Beginning this Sunday, January 9th , Because of Omicron variant, we are holding our in person service for the month of January. We will be live streaming the Sunday morning service at 9:30.
Everyone is welcome to join us at Riggs Beer Company for the next round of Hops and Hymns.
After the service, grab your coffee and head down to the Hoffmeister Room for the Summer Adult Sunday School program.
On December 26, Helen, Marian, James, and I drove down to the Panhandle of Florida to celebrate the Christmas season at my sister’s house with our extended family. Google says that trip should take 13 hours and 14 minutes. But of course that’s just driving time. Google doesn’t take in to account stops for refueling, food, and other necessities. It also didn’t know about the 45-minute traffic jam between Huntsville and Birmingham, Alabama, at least not when we were initially planning our trip. It also didn’t know that I would take a wrong turn after a stop for gas and to change drivers. (The sign said 69 North and I knew I didn’t want to be going north. It also said 24 East, but I didn’t notice that until it was too late.) And when you take a wrong turn in that part of Kentucky you get to drive an extra 18 miles. We took two cars from our house, because James had plans to drive back before the rest of us so that he could meet Peace Corps friends in Nashville for New Year’s Eve. And then we met up with my parents and sister and her kids coming from St. Louis, also in two cars. So, in the words of that old 1970s hit, we had ourselves a convoy.
The point of the trip is to reach the destination, and driving is a lot cheaper than flying, especially considering all the stuff we wanted to bring along with us. But the trip is also part of the fun. The way it worked out this time with changing drivers, I got to spend several hours of one-on-one time with Helen, James, and Marian each. Marian and I started out together in James’ car with her driving. Helen drove our car while James slept. He had just come off a 12-hour shift at Carle and didn’t manage to get any sleep before we got up at 3:00 a.m. to get on the road by 3:45. So, with clear skies, Marian and I watched Venus rise, and then Jupiter. I also tried to spot the “Christmas comet” (46P/Wirtanen), until I figured out it was no longer bright enough to be viewed without a telescope. We might have had a chance to see Mercury just before dawn, but by the time I thought to look the sky was too bright. (Mercury is hard to see because it stays so close to the sun. The conditions have to be just right – clear skies and a decent view of the horizon). We also listened to the soundtrack of Hamilton, which Marian has seen but I haven’t. I also hadn’t listened to the entire soundtrack all the way through. Se we each got to share something that we were passionate about with each other.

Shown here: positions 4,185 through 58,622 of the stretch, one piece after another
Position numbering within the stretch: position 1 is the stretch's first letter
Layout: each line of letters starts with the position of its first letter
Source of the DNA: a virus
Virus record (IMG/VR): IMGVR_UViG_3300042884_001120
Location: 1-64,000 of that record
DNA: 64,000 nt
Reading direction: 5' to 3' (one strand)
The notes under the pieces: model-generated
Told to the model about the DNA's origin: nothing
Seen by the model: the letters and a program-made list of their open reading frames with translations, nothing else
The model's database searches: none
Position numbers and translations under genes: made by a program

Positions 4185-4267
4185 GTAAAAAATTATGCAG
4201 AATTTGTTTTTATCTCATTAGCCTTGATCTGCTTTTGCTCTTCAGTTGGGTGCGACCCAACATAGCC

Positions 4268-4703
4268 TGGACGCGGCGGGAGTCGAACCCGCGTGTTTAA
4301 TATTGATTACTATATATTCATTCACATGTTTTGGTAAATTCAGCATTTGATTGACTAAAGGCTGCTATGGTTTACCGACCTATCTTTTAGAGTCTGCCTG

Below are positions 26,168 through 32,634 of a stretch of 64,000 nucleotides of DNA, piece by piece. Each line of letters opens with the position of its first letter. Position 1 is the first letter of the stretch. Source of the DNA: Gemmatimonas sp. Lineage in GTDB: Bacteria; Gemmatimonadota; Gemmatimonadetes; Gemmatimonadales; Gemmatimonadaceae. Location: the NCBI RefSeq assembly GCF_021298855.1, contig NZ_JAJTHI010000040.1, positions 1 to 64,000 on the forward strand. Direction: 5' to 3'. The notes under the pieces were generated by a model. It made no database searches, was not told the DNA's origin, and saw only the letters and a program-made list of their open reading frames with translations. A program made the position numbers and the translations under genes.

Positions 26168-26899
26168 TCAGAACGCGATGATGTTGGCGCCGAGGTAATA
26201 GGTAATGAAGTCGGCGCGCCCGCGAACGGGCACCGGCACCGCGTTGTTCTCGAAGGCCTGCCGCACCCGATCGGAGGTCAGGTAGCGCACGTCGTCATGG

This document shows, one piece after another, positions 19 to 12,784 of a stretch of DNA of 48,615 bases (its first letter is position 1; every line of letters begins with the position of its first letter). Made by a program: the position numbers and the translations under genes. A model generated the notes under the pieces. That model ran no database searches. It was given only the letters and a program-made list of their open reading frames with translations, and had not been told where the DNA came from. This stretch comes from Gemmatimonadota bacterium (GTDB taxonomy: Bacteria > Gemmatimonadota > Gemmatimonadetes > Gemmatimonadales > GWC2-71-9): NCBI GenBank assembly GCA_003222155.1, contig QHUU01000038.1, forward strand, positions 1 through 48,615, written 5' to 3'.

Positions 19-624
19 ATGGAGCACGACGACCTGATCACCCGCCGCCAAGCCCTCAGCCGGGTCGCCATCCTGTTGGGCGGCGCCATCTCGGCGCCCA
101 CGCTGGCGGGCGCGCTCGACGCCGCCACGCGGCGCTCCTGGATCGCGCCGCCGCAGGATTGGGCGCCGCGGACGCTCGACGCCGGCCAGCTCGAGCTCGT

Then we switched drivers. Helen took over driving James’ car, and I drove ours, with James still trying to get some sleep. There wasn’t much talking on that leg of the trip, but we were back together at the end, when I listened to a couple of stand-up comics that he’d been wanting me to hear. Especially good, I thought, was Hasan Minhaj, and his extended story of his upbringing as the son of immigrants. We also got to talk some, when he wasn’t sleeping.
But before that, Helen and I also ended up together, with each of us driving for a while. We got back to a mystery novel set in Ireland that we started two years ago during our trip to Denver and never finished. We had to start it over again because we’d pretty much forgotten everything. But then as we listened to it again, it started coming back to us. We hope to finally find out “who done it.”
It struck me me toward the end of our trip what a nice day it had been, even if those 16 ½ total hours, door to door, were also rather grueling. Having someone to share the journey with can make a big difference. That is true for a long road trip, but it is also true for our journey through life. And then I though, because it was still Christmas after all, and only the second day, that that is also what the incarnation is about, at least in part. God comes among us as one of us in Jesus Christ to accompany us in this life, to be present with us throughout our lives through the gifts of Word and Sacrament, but also in the fellowship of the faithful, what Luther called the “mutual conversation and consolation of brothers and sisters in Christ.” As this newsletter goes to print (or e-mail), it is still Christmas. I hope you will give thanks in this season for the gift of companionship in its many forms, and that in giving thanks, you will be inspired to make the most of your journey through life in this New Year.
+ Pastor Chris Repp